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Legilinguistic Translatology

A Parametric Approach to Legal Translation


Aleksandra Matulewska

With the purpose of making the process of legal translation accessible to investigation, the author resorts to the parametrization of translational reality as an inalienable component of her translational theory being proposed here for consideration. The aim is to propose a more precise theory of legilinguistic translation which compels the author to clearly distinguish primitive terms and postulates. These latter specify the image (model) of the reality in question in terms of relevant dimensions used to characterize a set of translational objects and relations. The dimensions secure a systematic examination of the translation reality and process. In order to illustrate the practical application of the parametrization in legal translation, the discussion concerning this translation approach is limited to certain selected types of legal communicative communities which is amply exemplified. The research is based on data and information gathered during an in-depth case study of translations and parallel text corpora mainly in the field of civil law including insolvency and bankruptcy law.


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2. Legilinguistic Translatology - 51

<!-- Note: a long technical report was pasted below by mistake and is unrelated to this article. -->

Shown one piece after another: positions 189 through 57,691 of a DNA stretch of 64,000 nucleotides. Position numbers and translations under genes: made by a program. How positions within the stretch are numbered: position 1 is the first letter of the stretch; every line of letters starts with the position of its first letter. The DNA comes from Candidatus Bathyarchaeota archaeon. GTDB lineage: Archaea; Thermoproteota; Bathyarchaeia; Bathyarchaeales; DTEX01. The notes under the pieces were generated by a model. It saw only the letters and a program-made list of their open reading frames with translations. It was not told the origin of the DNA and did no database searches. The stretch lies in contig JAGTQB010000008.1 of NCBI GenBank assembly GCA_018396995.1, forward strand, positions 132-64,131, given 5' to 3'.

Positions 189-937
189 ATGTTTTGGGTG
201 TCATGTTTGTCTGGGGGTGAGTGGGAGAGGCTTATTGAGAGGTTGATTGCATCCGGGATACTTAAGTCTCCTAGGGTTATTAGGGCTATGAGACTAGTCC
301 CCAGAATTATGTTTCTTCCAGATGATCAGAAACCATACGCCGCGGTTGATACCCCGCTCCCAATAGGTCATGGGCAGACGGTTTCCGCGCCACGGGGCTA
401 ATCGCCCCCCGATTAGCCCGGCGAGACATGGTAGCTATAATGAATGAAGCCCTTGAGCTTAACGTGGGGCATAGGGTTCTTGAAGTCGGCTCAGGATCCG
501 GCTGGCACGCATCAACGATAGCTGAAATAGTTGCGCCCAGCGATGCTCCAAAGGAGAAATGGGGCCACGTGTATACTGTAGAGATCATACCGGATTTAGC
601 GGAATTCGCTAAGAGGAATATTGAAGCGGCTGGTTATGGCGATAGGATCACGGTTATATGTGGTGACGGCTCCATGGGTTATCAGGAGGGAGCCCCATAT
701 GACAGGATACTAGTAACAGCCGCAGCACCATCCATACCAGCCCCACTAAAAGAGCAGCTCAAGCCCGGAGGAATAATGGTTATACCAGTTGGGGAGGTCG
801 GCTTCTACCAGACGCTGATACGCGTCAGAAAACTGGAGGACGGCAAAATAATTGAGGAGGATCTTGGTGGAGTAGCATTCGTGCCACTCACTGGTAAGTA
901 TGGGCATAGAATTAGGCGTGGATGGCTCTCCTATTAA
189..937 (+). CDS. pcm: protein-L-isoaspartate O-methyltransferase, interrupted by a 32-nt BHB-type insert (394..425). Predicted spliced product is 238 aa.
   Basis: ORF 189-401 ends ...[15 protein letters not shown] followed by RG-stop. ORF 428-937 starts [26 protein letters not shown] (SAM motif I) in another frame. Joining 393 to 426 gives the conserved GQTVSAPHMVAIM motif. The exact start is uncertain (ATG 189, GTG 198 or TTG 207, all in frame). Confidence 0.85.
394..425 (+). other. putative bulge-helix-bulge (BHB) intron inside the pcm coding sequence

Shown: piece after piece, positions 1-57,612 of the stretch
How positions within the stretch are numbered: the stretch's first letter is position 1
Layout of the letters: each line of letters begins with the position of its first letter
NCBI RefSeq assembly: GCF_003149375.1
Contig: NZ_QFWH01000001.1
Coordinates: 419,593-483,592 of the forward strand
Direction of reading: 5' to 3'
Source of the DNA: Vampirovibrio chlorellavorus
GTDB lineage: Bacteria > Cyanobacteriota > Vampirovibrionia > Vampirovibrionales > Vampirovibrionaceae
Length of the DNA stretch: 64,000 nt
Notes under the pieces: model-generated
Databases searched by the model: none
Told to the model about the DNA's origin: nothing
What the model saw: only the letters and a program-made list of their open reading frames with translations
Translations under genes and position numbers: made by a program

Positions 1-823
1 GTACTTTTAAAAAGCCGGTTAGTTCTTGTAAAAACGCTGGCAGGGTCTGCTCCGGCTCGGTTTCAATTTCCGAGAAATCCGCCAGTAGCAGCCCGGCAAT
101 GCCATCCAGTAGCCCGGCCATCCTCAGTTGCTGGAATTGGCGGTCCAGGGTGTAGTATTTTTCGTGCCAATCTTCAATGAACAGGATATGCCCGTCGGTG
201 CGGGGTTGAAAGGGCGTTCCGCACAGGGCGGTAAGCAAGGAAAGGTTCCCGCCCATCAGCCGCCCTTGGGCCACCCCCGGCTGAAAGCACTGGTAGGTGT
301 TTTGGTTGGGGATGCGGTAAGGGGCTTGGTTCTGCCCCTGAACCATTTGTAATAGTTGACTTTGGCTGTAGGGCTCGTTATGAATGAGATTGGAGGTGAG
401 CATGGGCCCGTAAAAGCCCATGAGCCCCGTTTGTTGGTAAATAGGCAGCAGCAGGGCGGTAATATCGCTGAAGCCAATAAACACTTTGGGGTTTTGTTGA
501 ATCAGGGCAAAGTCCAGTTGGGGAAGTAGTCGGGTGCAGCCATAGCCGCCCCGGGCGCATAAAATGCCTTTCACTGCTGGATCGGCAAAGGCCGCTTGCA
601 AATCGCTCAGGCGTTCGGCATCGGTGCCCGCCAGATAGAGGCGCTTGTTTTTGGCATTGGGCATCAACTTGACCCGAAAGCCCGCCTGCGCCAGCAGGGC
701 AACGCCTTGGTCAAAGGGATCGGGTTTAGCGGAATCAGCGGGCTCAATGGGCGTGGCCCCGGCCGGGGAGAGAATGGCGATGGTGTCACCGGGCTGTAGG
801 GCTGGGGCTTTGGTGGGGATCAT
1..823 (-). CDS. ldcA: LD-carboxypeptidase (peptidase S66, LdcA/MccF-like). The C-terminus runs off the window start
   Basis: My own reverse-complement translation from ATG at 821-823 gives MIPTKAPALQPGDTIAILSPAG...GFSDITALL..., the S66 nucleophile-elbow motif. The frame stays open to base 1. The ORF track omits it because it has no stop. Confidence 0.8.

2. Legilinguistic Translatology12 2.1. Introductory remarks on translatology For a very long time translation was considered to be a practical action only. Translatology as a discipline was not considered a science. This approach changed with the emergence of the linguistic trend in transla- tion studies (Jakobson 1959, Nida 1964, etc.). Right now translation studies are a subdiscipline of applied linguistics, with the research do- main of translation studies (also called translatology) being translational reality. In the past, translators mainly focused on translative texts but the development of translational theories brought to our attention also other important objects of this reality which is now acknowledged to comprise not only translative texts but also translandive texts, the author of the translandive text, translators, their actions as well as other entities pertinent to the translation process (e.g. the commissioner mentioned for the first time by Vermeer or recipients of a translative text for whom Luther consciously adapted his translation of the Bible). Additionally, it should be borne in mind that the hierarchy of objects may depend on the type of translation and translational situation as translation is the process of ensuring interhuman communication (cf. Popovič 1977, Hatim 1997 (2001a), Tabakowska 1993, 1999, 2001, 2009, Kielar/Lewandowska 1999, Kierzkowska 2002, etc.), which should be effective. Therefore, the effectivity of translation is also a very important factor, which is dependent among others upon the quality of translation. To be more explicit, translation may be divided into: (i) translatology, or in other words a theory of translation...

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